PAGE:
Plastics going straight to landfill

A fill of plastics grades 3-7. Photo: Supplied/PlasbackNZ.

Plastics that were once able to be recycled are now heading straight to New Zealand landfills as China's waste import ban starts to bite.

China stopped accepting 24 different types of waste at the start of this year because it said contaminants were polluting its environment.

Recyclers here have been scrambling to find new markets for the waste - many say it's not worth the cost of sending them to other overseas markets and large stockpiles have been mounting.

Others have had to stop accepting some types of plastic altogether, as they have nowhere to put it.

The Auckland University of Technology is this week telling staff and students not to put plastics graded 3 to 7 into its recycling bins.

AUT spokeswoman Alison Sykora said while cans, bottles and some plastics were still accepted, the rest - such as yoghurt pottles or coffee lids - was now rubbish.

"Our recycling suppliers have told us that plastics which could previously be recycled now have to go to landfill and we have to separate them so that the waste is not contaminated."

She said the university could face fines of up to $6000 from its recyclers if the wrong plastics were mixed up with the right ones.

WasteMINZ chief executive Paul Evans said while plastic in grades 1 and 2 could be recycled in New Zealand, grades 3 to 7 were much harder to deal with.

"Manufacturers have continued to pump those out over the years, despite the fact that there aren't viable or economic markets available for those, and this has really been exacerbated by the moves in China."

Mr Evans said China's ban had created major pressures for New Zealand, but also opportunities.

"Obviously it's really unfortunate circumstance right now but it's a lesson to us that we can't actually just ship our problems to another country, we need to think about this in a joined up way, take a long-term view and to build that local processing capacity."

The associate environment Minister Eugenie Sage said it was likely more New Zealand recyclers would be refusing some waste types.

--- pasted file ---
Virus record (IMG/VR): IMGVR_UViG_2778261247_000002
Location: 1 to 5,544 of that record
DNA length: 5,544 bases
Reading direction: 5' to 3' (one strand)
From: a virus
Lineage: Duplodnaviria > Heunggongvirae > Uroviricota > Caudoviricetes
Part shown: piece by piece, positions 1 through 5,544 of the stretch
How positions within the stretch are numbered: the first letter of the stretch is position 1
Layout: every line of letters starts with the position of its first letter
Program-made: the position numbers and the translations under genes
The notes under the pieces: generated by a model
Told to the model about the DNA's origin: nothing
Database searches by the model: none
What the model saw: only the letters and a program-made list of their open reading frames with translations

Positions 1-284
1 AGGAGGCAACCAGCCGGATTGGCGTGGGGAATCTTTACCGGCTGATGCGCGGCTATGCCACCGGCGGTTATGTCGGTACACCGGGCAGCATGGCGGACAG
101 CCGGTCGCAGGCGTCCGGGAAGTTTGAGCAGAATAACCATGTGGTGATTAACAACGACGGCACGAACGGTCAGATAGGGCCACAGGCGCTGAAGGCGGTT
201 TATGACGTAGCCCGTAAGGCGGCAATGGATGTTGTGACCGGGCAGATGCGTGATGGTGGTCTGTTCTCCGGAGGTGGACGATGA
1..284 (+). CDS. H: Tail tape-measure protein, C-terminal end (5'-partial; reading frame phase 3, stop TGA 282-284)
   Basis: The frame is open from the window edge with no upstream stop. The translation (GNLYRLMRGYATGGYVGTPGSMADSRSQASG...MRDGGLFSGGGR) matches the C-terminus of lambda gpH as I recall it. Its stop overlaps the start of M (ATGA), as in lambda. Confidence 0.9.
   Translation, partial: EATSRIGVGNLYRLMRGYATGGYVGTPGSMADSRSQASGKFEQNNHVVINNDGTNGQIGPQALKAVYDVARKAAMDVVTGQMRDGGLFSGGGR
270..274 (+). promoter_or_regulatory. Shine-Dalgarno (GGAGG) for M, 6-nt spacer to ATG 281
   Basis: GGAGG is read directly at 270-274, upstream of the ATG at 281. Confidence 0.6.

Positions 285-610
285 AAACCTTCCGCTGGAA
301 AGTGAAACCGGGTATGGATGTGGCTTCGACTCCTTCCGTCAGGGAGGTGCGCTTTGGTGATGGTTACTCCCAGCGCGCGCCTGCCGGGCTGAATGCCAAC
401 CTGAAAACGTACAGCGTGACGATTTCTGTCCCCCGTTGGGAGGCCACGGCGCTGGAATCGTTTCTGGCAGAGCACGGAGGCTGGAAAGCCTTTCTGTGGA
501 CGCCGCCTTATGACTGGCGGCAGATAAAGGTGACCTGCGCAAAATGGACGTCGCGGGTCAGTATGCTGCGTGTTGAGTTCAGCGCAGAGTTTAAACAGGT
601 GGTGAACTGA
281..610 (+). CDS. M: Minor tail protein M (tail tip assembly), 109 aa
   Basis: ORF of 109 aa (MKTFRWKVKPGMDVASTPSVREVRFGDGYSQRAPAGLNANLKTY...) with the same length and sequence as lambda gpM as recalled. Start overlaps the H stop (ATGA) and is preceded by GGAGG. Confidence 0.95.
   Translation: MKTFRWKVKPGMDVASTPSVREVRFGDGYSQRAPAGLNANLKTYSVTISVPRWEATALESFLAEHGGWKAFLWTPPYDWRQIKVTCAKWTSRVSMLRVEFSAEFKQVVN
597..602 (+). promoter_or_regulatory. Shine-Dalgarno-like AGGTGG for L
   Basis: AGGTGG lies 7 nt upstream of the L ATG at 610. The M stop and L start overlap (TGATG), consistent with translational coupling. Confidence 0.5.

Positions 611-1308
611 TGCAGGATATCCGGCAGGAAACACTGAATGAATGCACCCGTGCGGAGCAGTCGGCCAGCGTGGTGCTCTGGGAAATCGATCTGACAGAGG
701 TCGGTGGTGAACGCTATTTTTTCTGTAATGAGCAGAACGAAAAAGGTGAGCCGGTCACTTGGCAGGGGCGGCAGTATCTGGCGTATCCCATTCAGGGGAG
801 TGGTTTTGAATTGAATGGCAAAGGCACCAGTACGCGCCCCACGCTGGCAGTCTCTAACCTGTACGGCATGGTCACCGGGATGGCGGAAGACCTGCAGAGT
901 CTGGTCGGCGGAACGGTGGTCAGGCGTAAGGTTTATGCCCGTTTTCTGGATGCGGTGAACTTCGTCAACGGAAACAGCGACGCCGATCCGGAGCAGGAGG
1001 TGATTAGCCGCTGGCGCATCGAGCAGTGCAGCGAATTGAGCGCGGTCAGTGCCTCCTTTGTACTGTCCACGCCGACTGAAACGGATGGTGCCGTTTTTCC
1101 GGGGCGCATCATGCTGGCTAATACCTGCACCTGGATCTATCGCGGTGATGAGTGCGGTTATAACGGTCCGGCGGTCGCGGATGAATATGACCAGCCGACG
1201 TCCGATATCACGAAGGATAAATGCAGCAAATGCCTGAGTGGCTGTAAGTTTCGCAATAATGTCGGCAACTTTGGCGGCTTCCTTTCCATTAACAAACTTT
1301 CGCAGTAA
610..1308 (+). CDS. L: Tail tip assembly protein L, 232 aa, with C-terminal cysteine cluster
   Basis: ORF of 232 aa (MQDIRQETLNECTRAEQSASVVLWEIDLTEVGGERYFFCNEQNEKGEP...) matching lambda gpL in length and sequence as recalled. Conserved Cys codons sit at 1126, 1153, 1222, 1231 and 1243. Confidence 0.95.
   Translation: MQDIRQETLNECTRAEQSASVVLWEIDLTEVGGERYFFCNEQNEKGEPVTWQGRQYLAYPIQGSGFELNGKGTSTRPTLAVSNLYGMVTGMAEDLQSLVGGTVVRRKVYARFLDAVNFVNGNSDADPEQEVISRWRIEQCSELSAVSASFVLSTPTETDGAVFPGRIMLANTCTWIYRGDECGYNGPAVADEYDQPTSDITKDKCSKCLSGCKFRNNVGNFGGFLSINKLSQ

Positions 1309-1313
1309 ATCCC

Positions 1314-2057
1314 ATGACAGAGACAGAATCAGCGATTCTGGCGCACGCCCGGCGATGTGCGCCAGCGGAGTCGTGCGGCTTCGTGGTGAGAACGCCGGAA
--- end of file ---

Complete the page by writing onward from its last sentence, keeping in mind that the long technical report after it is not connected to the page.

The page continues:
"It's not unexpected because of the restrictions China has put in place."

She said increasing the costs for dumping waste at landfills could be one way of tackling the problem.

"The levies were reviewed last year and one of the recommendations was to extend their application and to increase them, both to provide an incentive to divert material from landfill and also to help fund waste minimisations."

Ms Sage said it was too early to say when the levies may increase, but announcements on other plans to help manage New Zealand's mounting waste were likely over the next few months.



bad recycling

Posted on 14-06-2018 10:05 | By Rikster11

NZ have always been limited at what we could recycle. now they are making it even more restricted. soon there won’t be any. little bit of plastic paper and have to drive to recycling centre to get rid of glass. putting up landfill fees will just increase the amount of people dumping rubbish on side of roads and reserves.

No completely true

Posted on 14-06-2018 08:19 | By Chris

To be clear, these plastics were never being recycled. They were being collected in mixed recycling and sent to China, where they were manually sorted (by very low wage Chinese workers) and the non-recyclable plastics were dumped. China, in a very real effort to be greener, has decided it no longer wants to be the world’s dumping ground, and is no longer accepted imports of mixed waste. So rubbish that used to be "out of sight, out of mind" to countries like NZ now need to be dealt with mindfully. This includes a large amount of mixed paper waste as well as plastic.

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